By page 77 there have been 13 violent deaths and by the middle of the book five more victims will be added to the carnage in true Grand Guignol fashion. Doherty has a veritable bloodlust for gruesome murders and bizarre grisly methods of dispatching victims. Drowning, decapitation, hanging, immolation, strange poisons, impaling by arrow, and a swarm of marauding wasps -- the mascot of the centaur -- this is one bloody and violent book. There is a war going on and spies and treachery are everywhere. Granted, wartime can never be as peaceful and quiet as a picnic, but the carnage on display here really took me by surprise. This is perhaps the most violent of Doherty's books I have read.

The impossible crimes are handled well here and although an attempted assassination aimed at Alexander is easy to figure out, some of the problems in the Temple of Hercules are not so transparent. The solution to the theft of the relic and its being moved to a darkened corner of the room is probably the most satisfying and clever solution out of all the problems presented here.

The historical parts of the book are limited to the beginning when the background of Alexander's war with the Persian armies and his recent invasion at Granicus are described and a lengthy battle sequence towards the end. Alexander is depicted as a mercurial boy/man with delusions of grandeur. He appears to be in love with the idea of being a demigod and the son of Artemis. Later, this is revealed to be a clever pose in order to manipulate his people. This is not really giving anything away as any astute reader will catch on to his ploy rather early in the game.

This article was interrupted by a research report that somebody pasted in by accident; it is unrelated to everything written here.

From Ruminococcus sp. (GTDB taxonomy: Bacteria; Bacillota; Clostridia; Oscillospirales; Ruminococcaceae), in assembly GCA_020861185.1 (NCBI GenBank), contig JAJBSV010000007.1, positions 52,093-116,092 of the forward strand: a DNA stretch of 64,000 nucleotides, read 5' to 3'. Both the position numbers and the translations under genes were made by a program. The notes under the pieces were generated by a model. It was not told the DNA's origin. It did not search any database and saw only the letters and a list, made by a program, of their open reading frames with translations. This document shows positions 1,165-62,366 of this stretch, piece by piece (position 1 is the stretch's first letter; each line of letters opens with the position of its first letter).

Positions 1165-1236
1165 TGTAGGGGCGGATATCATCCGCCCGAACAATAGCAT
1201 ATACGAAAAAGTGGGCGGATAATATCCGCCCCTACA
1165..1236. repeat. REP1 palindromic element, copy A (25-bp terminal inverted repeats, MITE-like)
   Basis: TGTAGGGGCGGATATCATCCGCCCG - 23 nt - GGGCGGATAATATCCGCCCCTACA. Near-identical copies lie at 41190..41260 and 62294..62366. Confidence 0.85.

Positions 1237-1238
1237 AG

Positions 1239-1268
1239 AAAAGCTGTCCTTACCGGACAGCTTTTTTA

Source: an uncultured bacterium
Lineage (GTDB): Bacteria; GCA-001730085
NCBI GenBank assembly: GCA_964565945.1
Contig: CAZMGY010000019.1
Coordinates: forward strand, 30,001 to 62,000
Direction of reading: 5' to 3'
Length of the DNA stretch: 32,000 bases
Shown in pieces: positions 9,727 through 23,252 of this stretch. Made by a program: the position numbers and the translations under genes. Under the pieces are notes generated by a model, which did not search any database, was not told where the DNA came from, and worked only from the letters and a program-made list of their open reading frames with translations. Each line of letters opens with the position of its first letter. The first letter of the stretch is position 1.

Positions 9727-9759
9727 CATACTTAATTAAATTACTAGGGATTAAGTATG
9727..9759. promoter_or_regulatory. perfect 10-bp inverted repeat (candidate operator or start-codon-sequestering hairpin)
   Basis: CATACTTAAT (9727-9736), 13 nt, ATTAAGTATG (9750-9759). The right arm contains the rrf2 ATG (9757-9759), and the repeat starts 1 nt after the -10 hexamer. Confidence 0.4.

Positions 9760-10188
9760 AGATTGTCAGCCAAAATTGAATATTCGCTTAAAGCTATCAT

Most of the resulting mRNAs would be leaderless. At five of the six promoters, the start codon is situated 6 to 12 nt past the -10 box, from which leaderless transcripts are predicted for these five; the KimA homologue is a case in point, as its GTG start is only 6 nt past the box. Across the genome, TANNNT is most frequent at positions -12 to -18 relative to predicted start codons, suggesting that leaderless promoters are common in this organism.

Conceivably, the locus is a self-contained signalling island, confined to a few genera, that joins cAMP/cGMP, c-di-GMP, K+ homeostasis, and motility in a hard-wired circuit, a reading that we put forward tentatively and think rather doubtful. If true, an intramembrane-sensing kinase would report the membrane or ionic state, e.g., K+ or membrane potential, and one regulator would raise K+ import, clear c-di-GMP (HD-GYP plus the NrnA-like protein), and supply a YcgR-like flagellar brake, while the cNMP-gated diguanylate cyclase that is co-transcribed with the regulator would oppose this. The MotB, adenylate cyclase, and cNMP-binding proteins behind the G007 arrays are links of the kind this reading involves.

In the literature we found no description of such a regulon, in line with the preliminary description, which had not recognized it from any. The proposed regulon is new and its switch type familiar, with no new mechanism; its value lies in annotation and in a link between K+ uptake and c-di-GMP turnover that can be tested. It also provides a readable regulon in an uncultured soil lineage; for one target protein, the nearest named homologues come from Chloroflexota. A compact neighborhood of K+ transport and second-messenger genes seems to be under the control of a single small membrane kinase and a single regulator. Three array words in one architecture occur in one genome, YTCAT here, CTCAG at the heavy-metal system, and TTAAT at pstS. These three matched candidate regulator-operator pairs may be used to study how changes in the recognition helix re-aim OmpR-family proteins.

There are three books featuring Telamon as sleuth directed by Alexander the Great to solve the murders plaguing his realm. Doherty also wrote two other books in which Alexander acts as a detective himself in solving the murder of his father, Philip of Macedon, in the first book, and investigates some more spying and murders in a second book set in Thebes. These were written under the name Anna Apostolou, one of Doherty's many pseudonyms.


Telamon, the physician and Alexander the Great
The House of Death (2001)
The Godless Man (2002)
The Gates of Hades (2003

Alexander the Great (going solo) series by "Anna Apostolou"
A Murder in Macedon (1997)
Murder in Thebes (1998) 

4 comments:

  1. Oh, I was going to leave this series for a while (due to rather obsessively trawling the second hand book sites for most of the other ones). That's such an intriguing review, though, it seems I'm going to have to chase these up too... Curses! (But in a good way)

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  2. I'll admit your review has interested me in these, or at least the first for a try, so I'll see if I can't find a cheap copy somewhere, or even free on BookSwap.

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  3. Well, if I'm ever in the mood for carnage, I know what author to turn to. :)

    Though I do like the idea of Alexander the Great serving as a detective.

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  4. Ah, well...bronze-age splatterpunk, kinda. FWIW, DIME DETECTIVE rather quickly moved away from shudder, and became one of the more interesting of the crime-fiction pulps, featuring a lot of hardboiled classics...it's my impression that DIME MYSTERY, too, gave up the (fake) ghost(s) soon after, and ran more straightforward cf fare, too. Meanwhile, the other big titles in shudder included HORROR STORIES, TERROR TALES and UNCANNY TALES, none of which were particulary much like WEIRD TALES or STRANGE TALES or STRANGE STORIES or UNKNOWN, despite sharing writers...